Kuvatov, 47, a businessman turned government opponent, was head of the Group 24 opposition movement. He had accused Tajik President Emomali Rahmon of corruption and nepotism.

The U.S. economy added 295,000 jobs last month, according to the Labor Department's monthly survey, and the unemployment rate dropped to 5.5 percent. The latest strong data beat expectations and follow a robust jump the previous month — a sign that the nation's economy is finally picking up steam.

Thousands of refugees have fled fighting in Tikrit, according to the U.N., as Iraqi forces backed by Shiite militias and Kurdish peshmerga battle to expel extremists from the self-declared Islamic State from the city.

Meanwhile, Reuters reports that ISIS militants have set fire to oil wells in Iraq's north in an effort to slow government forces.

What's the "Greatest Show On Earth" without elephants? Starting in 2018, anyone attending the iconic Ringling Bros. and Barnum & Bailey Circus act will find out.

Citing public concern about the elephants and how they are treated, the circus' parent company, Feld Entertainment, announced today that it would phase out use of the animals in its shows within three years.

Updated at 2:15 p.m. ET

A Delta flight carrying 130 passengers and crew skidded off a snow-covered runway at New York's LaGuardia Airport on Thursday, slamming through a fence on the side of the tarmac. Six people were hurt, an official says.

Authorities initially reported no injuries from the accident. Port Authority spokesman Joe Pentangelo later said that six people had been injured, but that none of the injuries was life-threatening.

Tired of winter? It could be the season's last gasp or just wishful thinking: an area ranging all the way from Texas to the Mid-Atlantic was under a weather alert, with as much as 10 inches of new snow possible in the northern reaches.

The Weather Channel says:

"All told, roughly 83 million people were under some kind of warning or advisory for winter weather.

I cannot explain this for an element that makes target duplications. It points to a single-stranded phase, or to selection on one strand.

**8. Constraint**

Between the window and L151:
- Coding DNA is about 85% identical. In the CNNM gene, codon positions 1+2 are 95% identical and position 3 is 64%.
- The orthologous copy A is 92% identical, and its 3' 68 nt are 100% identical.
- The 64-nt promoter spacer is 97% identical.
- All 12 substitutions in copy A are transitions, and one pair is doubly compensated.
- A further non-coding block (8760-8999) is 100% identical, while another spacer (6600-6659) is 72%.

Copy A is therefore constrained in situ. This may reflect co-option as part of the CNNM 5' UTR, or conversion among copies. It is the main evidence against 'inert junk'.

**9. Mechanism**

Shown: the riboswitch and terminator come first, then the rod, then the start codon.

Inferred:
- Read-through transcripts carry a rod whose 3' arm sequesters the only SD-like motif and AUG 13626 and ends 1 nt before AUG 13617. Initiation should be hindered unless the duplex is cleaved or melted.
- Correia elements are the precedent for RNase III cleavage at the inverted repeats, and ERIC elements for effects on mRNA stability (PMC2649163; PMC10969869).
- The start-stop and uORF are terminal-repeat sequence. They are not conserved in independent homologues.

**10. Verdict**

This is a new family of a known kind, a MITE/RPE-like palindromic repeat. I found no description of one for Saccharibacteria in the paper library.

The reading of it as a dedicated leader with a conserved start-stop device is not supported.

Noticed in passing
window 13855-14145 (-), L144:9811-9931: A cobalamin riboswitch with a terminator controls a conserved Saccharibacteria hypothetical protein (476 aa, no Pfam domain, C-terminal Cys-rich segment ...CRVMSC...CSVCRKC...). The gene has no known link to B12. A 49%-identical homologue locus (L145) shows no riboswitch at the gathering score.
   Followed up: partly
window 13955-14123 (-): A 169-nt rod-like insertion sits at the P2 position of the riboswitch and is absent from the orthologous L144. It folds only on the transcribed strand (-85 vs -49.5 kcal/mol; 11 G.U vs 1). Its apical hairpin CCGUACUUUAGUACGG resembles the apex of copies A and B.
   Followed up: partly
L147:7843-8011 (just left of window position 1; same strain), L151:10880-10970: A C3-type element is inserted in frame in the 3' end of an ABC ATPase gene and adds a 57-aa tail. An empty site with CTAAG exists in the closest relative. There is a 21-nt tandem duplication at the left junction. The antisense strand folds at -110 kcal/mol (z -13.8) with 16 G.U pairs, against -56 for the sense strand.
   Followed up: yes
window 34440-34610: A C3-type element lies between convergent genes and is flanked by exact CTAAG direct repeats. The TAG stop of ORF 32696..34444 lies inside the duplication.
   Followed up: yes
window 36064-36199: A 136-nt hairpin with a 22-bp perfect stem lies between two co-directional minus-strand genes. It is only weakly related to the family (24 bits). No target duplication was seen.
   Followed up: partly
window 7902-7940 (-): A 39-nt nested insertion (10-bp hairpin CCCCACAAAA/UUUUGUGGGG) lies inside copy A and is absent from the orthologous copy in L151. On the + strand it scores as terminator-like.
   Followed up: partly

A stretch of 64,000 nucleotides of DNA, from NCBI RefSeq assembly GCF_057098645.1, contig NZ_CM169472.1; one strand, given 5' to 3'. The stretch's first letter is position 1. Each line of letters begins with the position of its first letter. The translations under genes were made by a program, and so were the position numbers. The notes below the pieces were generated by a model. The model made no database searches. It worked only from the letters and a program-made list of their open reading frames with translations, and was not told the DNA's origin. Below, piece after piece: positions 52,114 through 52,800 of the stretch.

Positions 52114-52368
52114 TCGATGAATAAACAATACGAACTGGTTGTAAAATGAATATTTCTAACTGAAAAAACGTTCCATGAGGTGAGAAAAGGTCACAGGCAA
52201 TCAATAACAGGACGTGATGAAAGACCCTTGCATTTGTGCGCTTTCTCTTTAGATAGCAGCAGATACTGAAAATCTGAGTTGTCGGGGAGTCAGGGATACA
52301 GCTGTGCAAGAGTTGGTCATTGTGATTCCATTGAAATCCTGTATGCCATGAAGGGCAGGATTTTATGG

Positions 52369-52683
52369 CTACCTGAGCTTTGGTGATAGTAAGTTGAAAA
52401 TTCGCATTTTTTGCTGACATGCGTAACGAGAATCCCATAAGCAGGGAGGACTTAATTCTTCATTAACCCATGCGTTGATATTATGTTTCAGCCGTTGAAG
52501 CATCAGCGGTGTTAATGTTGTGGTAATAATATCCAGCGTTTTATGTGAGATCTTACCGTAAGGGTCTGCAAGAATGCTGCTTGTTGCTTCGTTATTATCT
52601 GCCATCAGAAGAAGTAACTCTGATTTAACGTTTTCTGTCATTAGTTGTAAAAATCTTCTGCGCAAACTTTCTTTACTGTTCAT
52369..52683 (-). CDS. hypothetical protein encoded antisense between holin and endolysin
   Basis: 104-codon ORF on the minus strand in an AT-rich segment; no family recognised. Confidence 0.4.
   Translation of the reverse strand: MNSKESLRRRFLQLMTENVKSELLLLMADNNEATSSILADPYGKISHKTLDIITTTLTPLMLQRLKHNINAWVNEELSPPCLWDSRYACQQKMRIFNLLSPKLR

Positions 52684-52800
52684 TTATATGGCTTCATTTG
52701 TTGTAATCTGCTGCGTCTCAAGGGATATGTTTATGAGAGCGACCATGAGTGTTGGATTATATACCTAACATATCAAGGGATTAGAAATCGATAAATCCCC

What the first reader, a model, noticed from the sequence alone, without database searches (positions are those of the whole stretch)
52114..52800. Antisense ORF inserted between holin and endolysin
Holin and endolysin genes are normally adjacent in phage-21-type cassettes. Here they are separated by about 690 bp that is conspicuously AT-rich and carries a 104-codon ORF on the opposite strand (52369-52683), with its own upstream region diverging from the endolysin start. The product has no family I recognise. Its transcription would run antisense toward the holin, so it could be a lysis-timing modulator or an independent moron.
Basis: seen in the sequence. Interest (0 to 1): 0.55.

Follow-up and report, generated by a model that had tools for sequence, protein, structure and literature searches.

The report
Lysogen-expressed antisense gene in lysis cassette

Updated at 1:25 p.m. ET

North Korea is calling an attack on U.S. Ambassador to South Korea Mark Lippert by a knife-wielding political activist "deserved punishment" for America's joint military exercises with Seoul. Meanwhile, Lippert, who has received stitches to his face and undergone surgery on his arm after the assault, says he is "doing well."

Secretary of State John Kerry, apparently hoping to patch a rift sparked by GOP lawmakers' decision to invite Israeli Prime Minister Benjamin Netanyahu to address Congress without first consulting the White House, says the administration doesn't want the speech to become a political football.

Massive avalanches in a valley not far from the Afghan capital have reportedly killed nearly 200 people, adding to a total of almost 250 deaths from the worst such snow slides in three decades in the country's mountainous northeast.

Rescue workers using bulldozers worked to clear roads to the Panjshir Valley area just northeast of Kabul — an area where villagers have been cut off for almost a week.

Nearly two-thirds of Millennials who identify as Republican support legalizing marijuana, while almost half of older GOP Gen-Xers do, according to a recently released Pew survey that could be an indicator of where the debate is heading.

Venezuelan President Nicolas Maduro has announced a reduction in U.S. diplomatic staff in the country and restrictions on travel by U.S. citizens there –- as he accused Washington of "gringo" meddling.

The BBC reports:

"The president said that the US government had 100 employees working in Venezuela whereas Venezuela had 17 based in the US.

Astronauts at the International Space Station have ventured outside to perform a challenging cable installation on their orbiting platform.

Spacewalkers Terry Virts and Butch Wilmore have 400 feet of cable to install as well as two sets of antennas.

Updated at 10:08 a.m. ET

Tens of thousands of people are gathering in the Russian capital to mourn Boris Nemtsov, the former deputy prime minister turned harsh critic of President Vladimir Putin who was gunned down on a Moscow street last week.

The march, originally scheduled to oppose Russian involvement in Ukraine, was to have been led by Nemtsov himself. Following his murder, however, the gathering has turned into a wake for the fallen opposition leader.

Days after video emerged showing self-declared Islamic State extremists taking sledge hammers to pre-Islamic antiquities inside the Mosul museum, the Iraqi government has reopened the country's national museum, shuttered since the 2003 U.S. invasion of the country that toppled Saddam Hussein.

A court in Egypt has declared Hamas a "terrorist organization."

The verdict concerning Hamas, which controls Gaza, is seen as part of the government of President Abdel Fattah el-Sisi's crackdown on Islamist groups.

Hamas is an offshoot of the Muslim Brotherhood, the Islamist party that was banned in Egypt after President Mohamed Morsi was ousted in 2013.

The Associated Press reports:

"Last month, an Egyptian court banned Hamas' military wing, the Izzedine al-Qassam Brigades, and also designated it a terrorist organization. ...